Recently completed research examines the effect of consistent cycling on all-cause and cardiovascular mortality in type 2 diabetes.
Exercise is integral to a healthy lifestyle, especially in those with Type 2 Diabetes (T2DM). In 2016 the American Diabetes Association (ADA) guidelines were updated to recommend at least 2.5 hours a week of moderate to vigorous-intensity exercise. In addition, the guideline recommends two to three sessions of resistance training on nonconsecutive days and two to three sessions of flexibility and balance training for older patients with diabetes. However, the duration may be decreased in young, healthy patients with diabetes if they wish to increase the intensity of their workouts. Cycling may be a good candidate in these areas. Cyclists can modify the level of resistance and intensity, and cycling requires the person to have balance.
People with diabetes have a higher incidence of premature death from cardiovascular disease (CVD) and all-cause. Ried-Larsen and his team sought to examine the association between duration of cycling and all-cause and CVD death among people who have diabetes. They also wanted to assess the association between change in time spent cycling and the risk of CVD-related death and all-cause mortality. The study was a multi-national prospective cohort composed of 7459 persons with diabetes. The pool of participants came from ten Western European countries and specifically from the European Prospective Investigation into Cancer and Nutrition study (EPIC). Just over half of the adults were women, and the mean age was 56 years old. There were 110,944 person-years of follow-up.
The primary and secondary outcomes of the study were death from CVD and all-cause mortality. These outcomes were adjusted for how long patients had diabetes, social factors, sociodemographic characteristics, and other physical activities. The primary exposure was how much time was spent cycling each week at the baseline of the study. The secondary exposure focused on the adjustment in cycling status between baseline and the next check-in.
There were 1673 reported deaths from all causes in the 110,944 person-years of follow-up; 811 of the deaths were due to CVD. This study showed that people with diabetes who did any cycling over five years were associated with at least a 24% reduced risk from any cause death versus those that reported doing no cycling. Known confounders were considered, such as gender, age, diet, comorbidities, and educational level. The most significant risk reduction, especially in CVD death, was seen in the people that cycled between 150-299 minutes each week. There was a sub-analysis of 5,423 people that had 10.7 years of follow-up. This comparison was independent of other physical activities. From this group, there were 975 all-cause mortalities, and 429 of those were CVD deaths. Sub-analysis showed that those who started or continued to cycle during follow-up experienced reductions of approximately 35% for CVD mortality and all-cause death compared to those who did not cycle at all.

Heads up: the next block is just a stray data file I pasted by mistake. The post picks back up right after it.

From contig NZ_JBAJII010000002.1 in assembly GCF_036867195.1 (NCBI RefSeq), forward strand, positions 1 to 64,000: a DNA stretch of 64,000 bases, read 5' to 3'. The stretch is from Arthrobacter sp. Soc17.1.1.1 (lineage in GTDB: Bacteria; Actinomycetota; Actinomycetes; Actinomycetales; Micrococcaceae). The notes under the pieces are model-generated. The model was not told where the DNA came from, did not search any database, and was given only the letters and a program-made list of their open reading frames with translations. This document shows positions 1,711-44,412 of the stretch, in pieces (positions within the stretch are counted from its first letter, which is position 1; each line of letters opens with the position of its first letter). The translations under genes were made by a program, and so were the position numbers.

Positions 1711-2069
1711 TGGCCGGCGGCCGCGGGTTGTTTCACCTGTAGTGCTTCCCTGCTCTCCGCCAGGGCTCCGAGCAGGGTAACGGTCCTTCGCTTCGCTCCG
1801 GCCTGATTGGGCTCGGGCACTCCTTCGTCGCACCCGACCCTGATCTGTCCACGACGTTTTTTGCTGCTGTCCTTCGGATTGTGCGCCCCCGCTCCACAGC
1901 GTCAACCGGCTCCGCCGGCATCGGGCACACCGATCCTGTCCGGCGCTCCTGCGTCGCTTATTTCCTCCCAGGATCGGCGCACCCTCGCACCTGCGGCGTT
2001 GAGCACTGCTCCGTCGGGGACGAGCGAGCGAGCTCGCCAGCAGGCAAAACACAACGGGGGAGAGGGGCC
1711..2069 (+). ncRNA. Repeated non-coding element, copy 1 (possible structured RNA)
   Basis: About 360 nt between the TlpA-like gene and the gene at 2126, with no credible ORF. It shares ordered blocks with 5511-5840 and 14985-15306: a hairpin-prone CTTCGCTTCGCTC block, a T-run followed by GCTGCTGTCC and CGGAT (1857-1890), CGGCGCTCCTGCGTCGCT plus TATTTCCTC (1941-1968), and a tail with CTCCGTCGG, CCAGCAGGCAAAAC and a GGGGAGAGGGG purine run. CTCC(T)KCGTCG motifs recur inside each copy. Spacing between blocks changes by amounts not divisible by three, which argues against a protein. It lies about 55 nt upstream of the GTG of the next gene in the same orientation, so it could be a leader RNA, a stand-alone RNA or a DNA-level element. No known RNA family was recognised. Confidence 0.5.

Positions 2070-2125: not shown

In conclusion, cycling could be an activity for persons with diabetes to reduce the risk of premature death. Ried believes that persons without diabetes also may have similar benefits from cycling. JAMA editors insist that the data from this study has strengthened the data from prior studies that showed the benefits of cycling relative to other physical activities. They also state that cycling is more eco-friendly than different types of transportation, especially those that include exhaust pipes. In recent years, access to bike paths has increased. There have been more and more bicycle lanes constructed in the United States and throughout Europe.
Limitations of the study are that it was observational in design, and there was a potential for selection bias. People had to be able to cycle to be included in the study. Additionally, for people to cycle, they must have a good balance and have sufficient resources to be able to buy a bicycle. Access to bike paths has increased, but not everywhere. Potential cyclists need to live in an area with cycling paths or parks, or other safe areas to cycle.
- Cycling may contribute directly to the longer and healthier lives of people with T2DM.
- Benefits seen with cycling in patients with T2DM could potentially be generalized to the general population.
- To cycle, people need to have a good balance, a certain level of fitness, live in an area that is safe to ride a bicycle, and have the means to afford a bike.
American Diabetes Association. Standards of Medical Care in Diabetes—2021 Abridged for Primary Care Providers. Retrieved from https://clinical.diabetesjournals.org/content/39/1/14. 2021.
Ried-Larsen M, Rasmussen MG, Blond K, et al. Association of Cycling With All-Cause and Cardiovascular Disease Mortality Among Persons With Diabetes: The European Prospective Investigation Into Cancer and Nutrition (EPIC) Study. JAMA Intern Med. Published online July 19, 2021. doi:10.1001/jamainternmed.2021.3836
Ashley Ball, LECOM PharmD Candidate